Wood Stove, Fireplace and Fireplace Insert Installation
There’s a romance attached to wood stoves that people don’t feel for their gas or oil furnaces. The reasons include economics, aesthetics, efficiency and environmental concerns. Today, wood stoves offer homeowners the promise of a heating system that’s independent of local utilities, plus the lure of cozy evenings by the gentle flickering flames.
It is extremely important to note that wood-heating technology and its safe installation have become much more complicated in recent years. No longer is it sensible or wise to simply “”hook up”” a wood stove to an existing chimney and begin using it for heating.
If there’s a wood stove in your life (or in your future) and you already have a masonry fireplace in your home, it’s likely that you have used (or wish to use) your fireplace’s chimney as the chimney for your wood stove or wood burning fireplace insert. Such a choice would seem both sensible and economical. However, any heating system works best when all its parts are designed to work together. A wood stove, fireplace or fireplace insert operates best when the flue size of the chimney is carefully matched to the wood stove, fireplace or fireplace insert capacity, so a wood stove, fireplace and fireplace insert is safest and most efficient when attached to a chimney whose flue size most closely matches the flue collar outlet of the stove. While wood stoves can be successfully connected to fireplace flues (a flue is the inner section of a chimney and is designed to carry away smoke and other toxic products of combustion), certain standards must be met.
Fireplaces aren’t designed to vent (or carry away combustion by-products from) wood stoves or wood burning inserts. They are a uniquely designed solid fuel burning system in their own right. The fireplace system consists of the firebox, a damper (the mechanism that regulates air flowing up the chimney), a smoke chamber (the area between the damper and the flue) and a flue (a passageway inside the chimney through which the smoke rises). Together, they draw off the smoke and gases produced by burning wood. How well the firebox, smoke chamber and flue are in correct proportion to each other determine the system’s performance. ??The applicable rule of thumb (which is included in many local codes) is that the area of the firebox opening should only be about 10 times larger than the area of the flue’s interior dimension – a 10:1 ratio.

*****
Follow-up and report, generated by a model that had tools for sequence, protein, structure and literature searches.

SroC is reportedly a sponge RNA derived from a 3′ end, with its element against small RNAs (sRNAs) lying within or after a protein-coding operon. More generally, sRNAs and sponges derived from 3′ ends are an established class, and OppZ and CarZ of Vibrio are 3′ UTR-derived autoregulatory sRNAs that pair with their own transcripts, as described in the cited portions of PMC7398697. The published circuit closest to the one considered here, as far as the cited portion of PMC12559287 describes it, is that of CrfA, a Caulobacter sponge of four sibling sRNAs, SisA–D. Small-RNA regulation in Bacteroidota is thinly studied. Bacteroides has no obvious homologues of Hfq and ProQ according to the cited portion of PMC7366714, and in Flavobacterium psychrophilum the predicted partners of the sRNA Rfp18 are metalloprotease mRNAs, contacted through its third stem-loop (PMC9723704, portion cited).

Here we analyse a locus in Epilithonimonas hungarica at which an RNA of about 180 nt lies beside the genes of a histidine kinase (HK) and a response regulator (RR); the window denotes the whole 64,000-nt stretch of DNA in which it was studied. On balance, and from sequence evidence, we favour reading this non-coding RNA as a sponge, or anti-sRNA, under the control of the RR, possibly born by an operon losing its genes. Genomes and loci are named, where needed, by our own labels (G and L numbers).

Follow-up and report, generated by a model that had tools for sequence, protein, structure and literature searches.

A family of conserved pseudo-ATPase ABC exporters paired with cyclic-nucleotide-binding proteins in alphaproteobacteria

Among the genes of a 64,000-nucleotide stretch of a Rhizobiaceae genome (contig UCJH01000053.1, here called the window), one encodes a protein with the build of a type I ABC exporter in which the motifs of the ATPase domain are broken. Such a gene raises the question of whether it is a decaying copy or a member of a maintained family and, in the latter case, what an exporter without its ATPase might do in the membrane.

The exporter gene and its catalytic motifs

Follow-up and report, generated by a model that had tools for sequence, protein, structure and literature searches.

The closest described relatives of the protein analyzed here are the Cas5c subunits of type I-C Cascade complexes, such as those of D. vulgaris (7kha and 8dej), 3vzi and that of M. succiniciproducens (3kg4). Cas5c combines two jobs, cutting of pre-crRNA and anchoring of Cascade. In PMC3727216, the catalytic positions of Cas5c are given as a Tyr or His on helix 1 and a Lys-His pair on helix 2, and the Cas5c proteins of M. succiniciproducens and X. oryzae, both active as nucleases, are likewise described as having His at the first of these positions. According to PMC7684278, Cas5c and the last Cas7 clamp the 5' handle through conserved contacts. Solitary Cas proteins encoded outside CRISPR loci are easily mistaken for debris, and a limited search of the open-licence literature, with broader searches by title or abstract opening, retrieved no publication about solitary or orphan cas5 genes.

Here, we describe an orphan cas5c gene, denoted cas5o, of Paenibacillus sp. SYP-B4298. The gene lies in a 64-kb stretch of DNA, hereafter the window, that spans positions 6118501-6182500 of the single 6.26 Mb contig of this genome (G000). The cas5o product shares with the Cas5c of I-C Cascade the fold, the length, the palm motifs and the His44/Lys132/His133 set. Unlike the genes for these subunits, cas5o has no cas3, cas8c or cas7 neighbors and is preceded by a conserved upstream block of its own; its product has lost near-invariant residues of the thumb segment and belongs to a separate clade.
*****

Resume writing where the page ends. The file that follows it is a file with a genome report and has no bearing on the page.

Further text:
There are three types of wood stoves that can be connected to fireplace flues: freestanding wood stoves, fireplace inserts and hearth heaters. Freestanding stoves can be connected to chimneys built especially for them. The chimneys may be of masonry construction or be a factory-built metal system that’s been designed, tested and listed for use with wood burning appliances.
Freestanding Stoves, Hearth stoves or Hearth Heaters
Freestanding stoves also can connect to an existing fireplace chimney, if the height and position of the stove’s flue collar permits it. When this type of installation is done, the stoves may be called hearth stoves or hearth heaters.
Fireplace inserts are a special type of wood stove and are specifically designed to fit into the firebox of an existing fireplace and to use the fireplace flue to vent smoke and other by-products of combustion. Since the insert must be smaller than the fireplace opening, there is usually a surround panel attached to the stove, which extends out around the fireplace opening to seal the firebox from room air.
The size of an insert’s firebox is smaller than that of the masonry firebox, so the existing masonry flue may now be proportionately too large. An over-sized flue causes a reduction in the speed at which air moves out of the chimney. This lets the smoke that exits the wood stove linger inside the chimney, cool down and deposit condensed creosote on the chimney interior.
?Creosote is a brown or black combustible deposit – given off when smoke condenses which must be monitored and swept out to keep your system safe. ??Major creosote deposits are created when wood stoves or inserts do not meet the proper installation standards, and vent smoke directly into the fireplace or smoke chamber. Smoke condenses inside both the firebox and smoke chamber and may produce a ceramic-hard glaze of condensed creosote – which is hazardous, difficult and potentially expensive to clean… and which damages masonry materials through the corrosive action of acids it contains. ?Never permit continued use of this type of installation, even if your stove is old enough that manufacturer’s instructions do not require the connector to extend all the way to the top of the chimney. Insist on a safer installation for the safety of your home and your family.
An approved wood stove-to-fireplace installation will help assure your safety. Annual inspections and cleaning of these systems by a WETT Certified Chimney Sweep will enhance their safety and efficiency.